The instruments used in this study measured three domains of knowledge: climate change effects on lakes, quantitative skills indicated by perceived experience in using a list of technological tools used in modeling, and an understanding of the nature of science. We measured understanding of climate change effects on lakes using four items (A–D). Climate Change Item A asked students to interpret a figure of lake temperatures over time and hypothesize what factors were responsible for changes in water temperature. Climate Change Item B asked students to predict how climate scenarios would affect lake heating. Climate Change Item C asked students to predict how climate scenarios would affect thermal stratification, and Climate Change Item D asked students to predict how lake responses to climate change would be context dependent on different lake characteristics. Each climate change item was multiple choice and contained a single correct response (see Electronic Supplementary Material). Scores across these four items were summed, and overall pre-/post-gains in understanding of climate change effects on lakes were compared using a split-plot analysis of variance (ANOVA), with time (pre/post) as a within-subjects factor and level (undergraduate vs. graduate) as a between-subjects factor. Due to the low sample size and internal reliability (Cronbach’s α = 0.25), a Cochran’s Q test was also performed on each climate change item to examine differences in the probabilities of correct responses to each item before and after the workshops.
Understanding of the nature of science was measured using the Student Understanding of Science and Science Inquiry (SUSSI) instrument (Liang et al. 2008). The SUSSI is comprised of six subscales that correspond to understanding of observation and inference, change of scientific theories, scientific laws versus theories, social and cultural influences on science, imagination and creativity in science, and methodology of scientific investigation. Students responded to each statement on a 1–5 agree/disagree Likert scale. Scores across SUSSI items were summed and overall pre-/post-gains in understanding of science and scientific inquiry were compared using a split-plot ANOVA, with time (pre/post) as a within-subjects factor and level (undergraduate vs. graduate) as a between-subjects factor. Due to the low sample size and reduced internal reliability (Cronbach’s α = 0.64) compared to the original reliability analysis (Liang et al. 2008), Wilcoxon signed-rank tests were also used to compare responses on individual SUSSI items before and after the workshop.
To measure students’ perceived experience in various technological tools used in quantitative methods, students were asked, “On a scale from 1 to 5, with 1 indicating no prior experience whatsoever and 5 being very knowledgeable, how would you rank your experience level with _______?” followed by a list of quantitative tools, software, and technologies that included Excel software, CSV files (comma-separated values files), R software, computer programming, numerical simulation modeling, General Lake Model (GLM), distributed computing, and overlay networks. Students responded on a 1–5 Likert scale for each item.
We consider this measure a metric of their perceived experience level, because we know that they actually are more experienced with several of these technological tools after being taught the module, but this measure is to determine whether they feel more experienced with these tools after the module. This measure demonstrated high internal reliability (Cronbach’s α = 0.89). Scores across these items were summed and overall pre-/post-gains in perceived experience using these quantitative tools were compared using a split-plot ANOVA, with time (pre/post) as a within-subjects factor and level (undergraduate vs. graduate) as a between-subjects factor. Because we wanted to identify which technological tools drove any significant gains in perceived experience level, Wilcoxon signed-rank tests were also used to compare responses on each of these items before and after workshops.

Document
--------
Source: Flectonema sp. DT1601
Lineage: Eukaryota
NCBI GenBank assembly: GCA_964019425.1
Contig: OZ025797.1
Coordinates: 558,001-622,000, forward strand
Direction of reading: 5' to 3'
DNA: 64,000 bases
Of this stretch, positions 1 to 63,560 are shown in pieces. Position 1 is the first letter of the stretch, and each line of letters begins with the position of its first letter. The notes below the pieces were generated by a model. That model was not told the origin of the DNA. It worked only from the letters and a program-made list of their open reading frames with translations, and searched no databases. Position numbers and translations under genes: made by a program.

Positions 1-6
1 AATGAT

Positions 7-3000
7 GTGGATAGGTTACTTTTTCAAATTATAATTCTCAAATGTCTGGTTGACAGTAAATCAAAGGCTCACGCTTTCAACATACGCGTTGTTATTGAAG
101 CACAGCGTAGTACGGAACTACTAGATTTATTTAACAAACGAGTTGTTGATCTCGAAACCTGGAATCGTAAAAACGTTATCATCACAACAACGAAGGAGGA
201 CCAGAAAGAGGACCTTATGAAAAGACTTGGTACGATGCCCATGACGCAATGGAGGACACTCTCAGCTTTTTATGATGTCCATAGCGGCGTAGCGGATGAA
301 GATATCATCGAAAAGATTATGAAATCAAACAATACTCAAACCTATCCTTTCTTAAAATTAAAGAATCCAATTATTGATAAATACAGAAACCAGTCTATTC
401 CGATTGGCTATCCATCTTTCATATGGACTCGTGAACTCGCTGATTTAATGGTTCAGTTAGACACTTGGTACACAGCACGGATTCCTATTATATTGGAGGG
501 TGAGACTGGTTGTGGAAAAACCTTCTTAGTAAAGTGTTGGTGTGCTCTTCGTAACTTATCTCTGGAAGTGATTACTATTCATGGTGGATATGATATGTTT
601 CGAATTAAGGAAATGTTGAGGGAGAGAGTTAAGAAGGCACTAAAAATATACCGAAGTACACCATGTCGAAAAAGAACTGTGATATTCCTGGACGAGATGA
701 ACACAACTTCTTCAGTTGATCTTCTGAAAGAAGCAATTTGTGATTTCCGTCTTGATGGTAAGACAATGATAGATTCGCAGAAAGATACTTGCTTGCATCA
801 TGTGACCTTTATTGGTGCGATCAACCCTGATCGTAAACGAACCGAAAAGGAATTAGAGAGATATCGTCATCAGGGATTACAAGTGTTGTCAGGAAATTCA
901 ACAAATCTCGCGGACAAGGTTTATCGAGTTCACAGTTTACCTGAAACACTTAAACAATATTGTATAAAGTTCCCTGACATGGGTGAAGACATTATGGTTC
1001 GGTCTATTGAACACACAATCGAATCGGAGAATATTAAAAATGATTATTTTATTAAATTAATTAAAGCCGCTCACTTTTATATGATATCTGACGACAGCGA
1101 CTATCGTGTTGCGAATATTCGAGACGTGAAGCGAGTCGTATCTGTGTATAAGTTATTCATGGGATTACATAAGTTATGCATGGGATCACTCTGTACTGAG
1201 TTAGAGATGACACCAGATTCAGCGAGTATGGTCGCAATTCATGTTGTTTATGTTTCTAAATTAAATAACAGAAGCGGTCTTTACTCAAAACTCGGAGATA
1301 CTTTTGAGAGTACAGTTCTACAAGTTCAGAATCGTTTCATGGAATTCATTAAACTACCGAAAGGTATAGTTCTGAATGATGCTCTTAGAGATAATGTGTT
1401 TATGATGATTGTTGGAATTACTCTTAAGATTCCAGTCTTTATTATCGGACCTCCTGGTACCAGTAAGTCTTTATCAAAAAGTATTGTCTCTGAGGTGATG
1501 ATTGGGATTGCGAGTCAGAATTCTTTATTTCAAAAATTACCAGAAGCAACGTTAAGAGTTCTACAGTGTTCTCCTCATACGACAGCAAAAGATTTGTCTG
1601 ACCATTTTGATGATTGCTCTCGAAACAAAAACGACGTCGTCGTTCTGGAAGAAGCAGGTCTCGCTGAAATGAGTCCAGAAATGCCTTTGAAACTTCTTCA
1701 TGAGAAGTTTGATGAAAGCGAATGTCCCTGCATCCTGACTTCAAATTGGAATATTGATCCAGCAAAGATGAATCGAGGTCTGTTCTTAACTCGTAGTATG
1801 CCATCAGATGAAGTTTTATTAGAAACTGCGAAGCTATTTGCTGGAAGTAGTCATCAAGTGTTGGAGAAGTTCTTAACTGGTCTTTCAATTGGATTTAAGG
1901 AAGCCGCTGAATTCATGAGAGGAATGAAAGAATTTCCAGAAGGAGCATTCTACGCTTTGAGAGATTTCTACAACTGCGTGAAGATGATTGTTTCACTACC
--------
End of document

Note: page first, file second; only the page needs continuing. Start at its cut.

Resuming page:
For all survey instrument analyses, we interpreted statistical significance at α = 0.10 to maximize our statistical power to detect whether any changes in pre- and post-module responses occurred (Quinn and Keough 2002). This α level was chosen because of our small sampling size (n = 19 respondents in total across both workshops) and the short amount of time students spent in the workshops. All statistical analyses of the survey data were conducted in R.
Statistical results of Cochran’s Q tests to examine differences in the probabilities of students correctly answering climate change items before and after the module
Climate change item
A. Changes in water temperature
B. Climate effects on lake heating
C. Climate effects on stratification
D. Lake characteristics
Interestingly, the pattern of undergraduate and graduate responses differed; undergraduates exhibited a greater (significant) increase in correct responses after participating in the module for Climate Change Item A, whereas graduate students exhibited a greater increase (but not significant) in correct responses post-module for Items B and D. Student level did not appear to affect their ability to correctly answer the questions, as the undergraduates scored higher on some questions, whereas the graduates scored higher on others. In general, more than half of the students in both of the undergraduate and graduate classes correctly answered the questions in the post-module assessment.